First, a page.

Friday, September 11, 2009

Remembering 9/11

Note: I wrote this about 2 years ago.

I have been reading Lori D's blog the last few days and came across a entry that brought back a lot of pain and sorrow. I have tried to avoid many of the memories, not out of disrespect or anything. It just brings back a lot of sorrow for what I saw that day. Until recently have I started to deal with it. So I wanted to share with you mine and many others experience and many people experienced the same thing or worse.

I will remember that day till the day I die. I worked on the 47th floor of the second building that got hit. I remember that morning was so beautiful as I looked over the Hudson River into NJ and then looking further down the river to see the statue of Liberty. I often did this every morning before starting my work. I turned to my desk and said hello to a co-worker as he came in and sat at his desk.

I was sitting there no more than 10 minutes before I heard what sounded to me like a big explosion. I suddenly felt our office get warmer as the building vibrated and moved from the concussion from the other building. I though a BIG bomb went off in our building. I ran to window of my office and saw a lot of smoky papers falling in front of me. I thought we were hit for sure. I got REALLY nervous and told my co-worker that we should get out of the building so we proceeded to the stairwell where other workers where gathering, debating on leaving or not. I told them, are you crazy, we should get out and gather out front if possible and then decide what to do from there(good thing we did).

We proceeded down the stairs and as we got to each floor it would slow some as other people were also trying to get down the stairs. I remember looking into several firemen eyes as they ran up the same stairs everyone else was running down (God bless them all and their families). I remember hearing over the intercom that a small plane had hit the other building and it was safe to return to our offices, but what I felt when the first plane hit told me not to listen to their advice, so I continued down the stairs. 30th floor, 20th floor, I was starting to get a little winded but could not slow down too much fearing I'd get run over. So I continued. I finally made it down to the lobby, where the police was directing everyone to go to the plaza area to exit through the plaza. As I hurried myself through the plaza, I remember so any faces with terror in the eyes, something I hadn't seen in person before. I started to get a haunting feeling as I started to hear thuds above me, thinking it was debris from the fire I continued. I finally made it to the exit and continued to the outside where it was mayhem all around. I looked up to see a huge fire burning. As I turned to walk up the street I heard another explosion and I looked up just as the building I was just standing in blow up in a ball of flames. It scared the crap out of me and I ran as debris started to fall around me. When l I was a few blocks away I finally paused for a few minutes as I looked back and finally realized what the thuds I heard in the plaza was. I saw people jumping to their death to get away from the flames as each floor was engulfed in flames. I decided to go home. So I got on the last train leaving the area before they shut down the subway. I remember walking down the block and seeing people crying historically and others trying to comfort them at the same time trying to absorb what was happening around us.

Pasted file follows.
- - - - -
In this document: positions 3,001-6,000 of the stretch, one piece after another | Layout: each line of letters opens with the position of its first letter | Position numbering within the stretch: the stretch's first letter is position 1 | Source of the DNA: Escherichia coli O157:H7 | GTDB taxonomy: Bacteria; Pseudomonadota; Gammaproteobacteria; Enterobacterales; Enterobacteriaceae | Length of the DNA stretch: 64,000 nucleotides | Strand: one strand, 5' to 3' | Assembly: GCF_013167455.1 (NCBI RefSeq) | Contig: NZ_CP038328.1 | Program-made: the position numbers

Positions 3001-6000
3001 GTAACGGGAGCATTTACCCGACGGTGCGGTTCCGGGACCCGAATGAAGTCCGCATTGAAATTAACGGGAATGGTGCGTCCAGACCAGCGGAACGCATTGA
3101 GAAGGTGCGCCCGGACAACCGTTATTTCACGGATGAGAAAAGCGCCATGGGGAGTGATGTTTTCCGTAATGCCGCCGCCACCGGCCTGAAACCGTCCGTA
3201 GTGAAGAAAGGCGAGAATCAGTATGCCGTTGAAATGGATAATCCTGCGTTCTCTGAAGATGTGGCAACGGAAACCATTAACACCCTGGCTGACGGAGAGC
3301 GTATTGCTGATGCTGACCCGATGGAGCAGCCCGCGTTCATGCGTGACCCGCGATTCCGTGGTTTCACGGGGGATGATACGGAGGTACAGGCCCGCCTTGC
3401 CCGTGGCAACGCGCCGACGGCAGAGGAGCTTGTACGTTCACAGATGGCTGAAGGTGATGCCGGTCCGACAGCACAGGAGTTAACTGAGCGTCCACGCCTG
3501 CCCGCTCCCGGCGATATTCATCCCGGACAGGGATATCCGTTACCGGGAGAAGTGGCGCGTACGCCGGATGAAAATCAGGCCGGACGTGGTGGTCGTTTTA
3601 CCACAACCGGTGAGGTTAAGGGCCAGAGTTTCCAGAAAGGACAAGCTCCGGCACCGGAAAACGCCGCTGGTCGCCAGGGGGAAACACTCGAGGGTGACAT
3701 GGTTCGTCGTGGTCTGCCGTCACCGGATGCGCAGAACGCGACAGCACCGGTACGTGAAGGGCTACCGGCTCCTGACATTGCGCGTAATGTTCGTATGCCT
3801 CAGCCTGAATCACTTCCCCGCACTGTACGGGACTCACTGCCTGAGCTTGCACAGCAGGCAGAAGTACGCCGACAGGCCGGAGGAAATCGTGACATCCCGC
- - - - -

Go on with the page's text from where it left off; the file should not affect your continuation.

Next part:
The horrible things I saw that day still haunts me at times. I finally visited a memorial this year at a local park and as I stood there reading the names. I had to sit down as I broke down remembering all the faces I saw of the firemen, police and others that day. Yes, we should never forget those that died that day. How many are scared for life. I'm reminded how lucky I am to be standing here today. We must NEVER forget that day. God bless us all.

Michelle Lee